Despite the fact that pulmonary artery hypertension (PAH), interstitial lung disease (ILD) and alveolar proteinosis (AP), are increasingly being seen among patients with Systemic Juvenile Idiopathic Arthritis (sJIA), doctors apparently are not recognizing, and thus not treating, these secondary conditions. This is leading to dire results among patients, including death.
A large international team, headed by Yokiko Kimura of the Hackensack University Medical Center in New Jersey, culled an electronic listserv to find patients who had both sJIA and/or any of the secondary health issues listed above, and then compared this list to a sampling of children found in the registry of the US-Canadian Childhood Arthritis and Rheumatology Research Alliance (CARRA). The majority of the children found on the listserv was female, had taken at least one drug such as tocilizumab, infliximab(Drug information on infliximab), or corticosteroids, and had more systemic features.
Sixty percent of the patients from the listserv group showed macrophage activation syndrome (MAS) during pulmonary diagnosis, while 80% developed it over the course of their disease. All of them showed at least one of the secondary conditions. Sixty-eight percent were taking or had recently discontinued a biologic agent at the time their pulmonary complications developed, and nearly half were taking an anti-IL1 therapy.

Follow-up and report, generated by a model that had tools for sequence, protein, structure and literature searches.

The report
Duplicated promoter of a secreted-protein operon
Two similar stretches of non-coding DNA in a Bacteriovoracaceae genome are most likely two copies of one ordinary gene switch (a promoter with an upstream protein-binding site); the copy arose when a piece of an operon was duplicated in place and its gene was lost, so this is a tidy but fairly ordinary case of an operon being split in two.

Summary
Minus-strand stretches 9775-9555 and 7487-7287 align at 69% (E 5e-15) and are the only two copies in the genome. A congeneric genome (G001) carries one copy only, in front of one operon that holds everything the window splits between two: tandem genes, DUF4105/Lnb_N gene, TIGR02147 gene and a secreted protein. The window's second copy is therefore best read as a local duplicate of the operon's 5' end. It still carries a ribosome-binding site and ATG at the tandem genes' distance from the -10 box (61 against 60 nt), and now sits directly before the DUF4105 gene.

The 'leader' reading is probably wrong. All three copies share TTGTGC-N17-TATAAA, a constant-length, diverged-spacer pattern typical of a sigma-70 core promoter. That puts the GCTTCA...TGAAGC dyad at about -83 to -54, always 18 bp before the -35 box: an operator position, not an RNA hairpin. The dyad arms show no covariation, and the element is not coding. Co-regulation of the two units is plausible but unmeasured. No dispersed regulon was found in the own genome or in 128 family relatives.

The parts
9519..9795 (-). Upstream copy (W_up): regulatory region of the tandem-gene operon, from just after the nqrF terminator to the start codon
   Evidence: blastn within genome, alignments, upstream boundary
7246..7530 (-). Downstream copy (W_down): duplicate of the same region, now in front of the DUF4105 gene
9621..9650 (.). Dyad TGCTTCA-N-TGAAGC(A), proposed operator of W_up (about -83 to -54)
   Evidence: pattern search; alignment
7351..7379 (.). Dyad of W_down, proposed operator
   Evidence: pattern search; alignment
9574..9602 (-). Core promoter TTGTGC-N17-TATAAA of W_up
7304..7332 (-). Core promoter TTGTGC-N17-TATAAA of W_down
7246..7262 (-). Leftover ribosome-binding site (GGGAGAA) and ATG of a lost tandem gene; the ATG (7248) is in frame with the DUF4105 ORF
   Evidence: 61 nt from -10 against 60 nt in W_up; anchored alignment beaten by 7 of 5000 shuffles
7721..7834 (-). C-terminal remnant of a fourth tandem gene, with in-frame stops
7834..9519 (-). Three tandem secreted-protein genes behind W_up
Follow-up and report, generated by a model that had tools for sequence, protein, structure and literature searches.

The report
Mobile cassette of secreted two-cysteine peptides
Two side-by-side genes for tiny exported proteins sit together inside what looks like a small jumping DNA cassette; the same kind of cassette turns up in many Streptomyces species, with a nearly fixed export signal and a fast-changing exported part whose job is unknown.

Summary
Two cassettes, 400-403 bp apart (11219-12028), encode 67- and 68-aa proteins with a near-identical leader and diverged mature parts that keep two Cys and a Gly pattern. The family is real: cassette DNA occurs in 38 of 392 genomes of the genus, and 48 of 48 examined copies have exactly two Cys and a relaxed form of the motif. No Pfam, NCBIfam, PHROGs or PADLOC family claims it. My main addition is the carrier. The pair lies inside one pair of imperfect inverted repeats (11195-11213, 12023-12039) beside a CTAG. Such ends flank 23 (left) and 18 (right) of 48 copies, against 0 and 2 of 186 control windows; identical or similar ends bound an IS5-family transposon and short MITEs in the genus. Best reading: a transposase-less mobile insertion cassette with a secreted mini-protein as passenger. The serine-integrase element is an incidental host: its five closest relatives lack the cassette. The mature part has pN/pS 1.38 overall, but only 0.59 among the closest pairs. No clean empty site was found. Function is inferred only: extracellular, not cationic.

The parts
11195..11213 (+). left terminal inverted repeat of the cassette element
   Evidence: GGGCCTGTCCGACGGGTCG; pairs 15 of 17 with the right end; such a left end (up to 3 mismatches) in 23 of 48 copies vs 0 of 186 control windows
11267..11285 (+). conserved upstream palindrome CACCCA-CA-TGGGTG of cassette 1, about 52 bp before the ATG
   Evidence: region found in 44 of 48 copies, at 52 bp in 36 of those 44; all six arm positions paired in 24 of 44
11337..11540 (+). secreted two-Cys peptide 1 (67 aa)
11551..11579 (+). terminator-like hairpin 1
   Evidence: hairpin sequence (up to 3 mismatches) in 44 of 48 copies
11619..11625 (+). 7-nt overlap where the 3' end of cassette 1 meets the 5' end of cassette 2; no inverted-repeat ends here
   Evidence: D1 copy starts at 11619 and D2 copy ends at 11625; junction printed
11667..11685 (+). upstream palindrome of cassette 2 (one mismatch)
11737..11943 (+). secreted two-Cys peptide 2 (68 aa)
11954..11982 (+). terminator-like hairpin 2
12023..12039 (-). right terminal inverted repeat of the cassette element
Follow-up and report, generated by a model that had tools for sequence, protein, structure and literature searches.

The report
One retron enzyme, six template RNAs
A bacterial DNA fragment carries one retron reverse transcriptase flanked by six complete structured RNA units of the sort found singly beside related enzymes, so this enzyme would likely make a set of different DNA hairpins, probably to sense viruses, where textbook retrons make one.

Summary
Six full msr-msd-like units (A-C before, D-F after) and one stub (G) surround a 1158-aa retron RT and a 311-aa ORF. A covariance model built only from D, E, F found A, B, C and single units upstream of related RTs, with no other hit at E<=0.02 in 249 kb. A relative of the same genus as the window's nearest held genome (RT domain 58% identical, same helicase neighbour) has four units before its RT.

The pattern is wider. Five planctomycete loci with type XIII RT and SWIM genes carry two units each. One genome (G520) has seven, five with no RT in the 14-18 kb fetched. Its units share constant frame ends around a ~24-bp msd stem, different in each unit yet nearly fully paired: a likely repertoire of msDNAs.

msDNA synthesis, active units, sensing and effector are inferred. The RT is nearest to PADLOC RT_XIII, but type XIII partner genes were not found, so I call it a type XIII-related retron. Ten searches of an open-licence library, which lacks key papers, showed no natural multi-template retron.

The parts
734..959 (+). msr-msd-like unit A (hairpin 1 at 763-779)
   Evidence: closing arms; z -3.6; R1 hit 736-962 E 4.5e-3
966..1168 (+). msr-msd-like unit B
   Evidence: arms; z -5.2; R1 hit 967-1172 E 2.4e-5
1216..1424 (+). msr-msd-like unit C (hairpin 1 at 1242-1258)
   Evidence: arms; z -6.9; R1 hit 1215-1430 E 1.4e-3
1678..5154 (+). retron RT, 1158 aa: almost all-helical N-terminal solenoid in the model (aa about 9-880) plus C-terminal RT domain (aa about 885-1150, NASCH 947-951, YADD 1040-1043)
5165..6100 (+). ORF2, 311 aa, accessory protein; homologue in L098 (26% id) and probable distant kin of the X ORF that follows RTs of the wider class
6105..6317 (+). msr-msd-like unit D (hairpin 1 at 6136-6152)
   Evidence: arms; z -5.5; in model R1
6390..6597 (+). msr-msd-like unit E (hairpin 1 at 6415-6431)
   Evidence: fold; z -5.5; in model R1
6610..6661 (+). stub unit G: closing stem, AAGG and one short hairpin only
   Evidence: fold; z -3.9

Ultimately, 68% of people on the listserv died of one of these pulmonary disorders approximately 9 months after they were diagnosed. It is not clear the extent to which the disorders are a result of lack of disease control or of exposure to the medication. In either case, screening for PAH, ILD and AP should be considered in all patients with significant disease activity, say the researchers.
The study was reported as Abstract #762 at the American College of Rheumatology meeting in Washington DC and published in Arthritis Care and Research.
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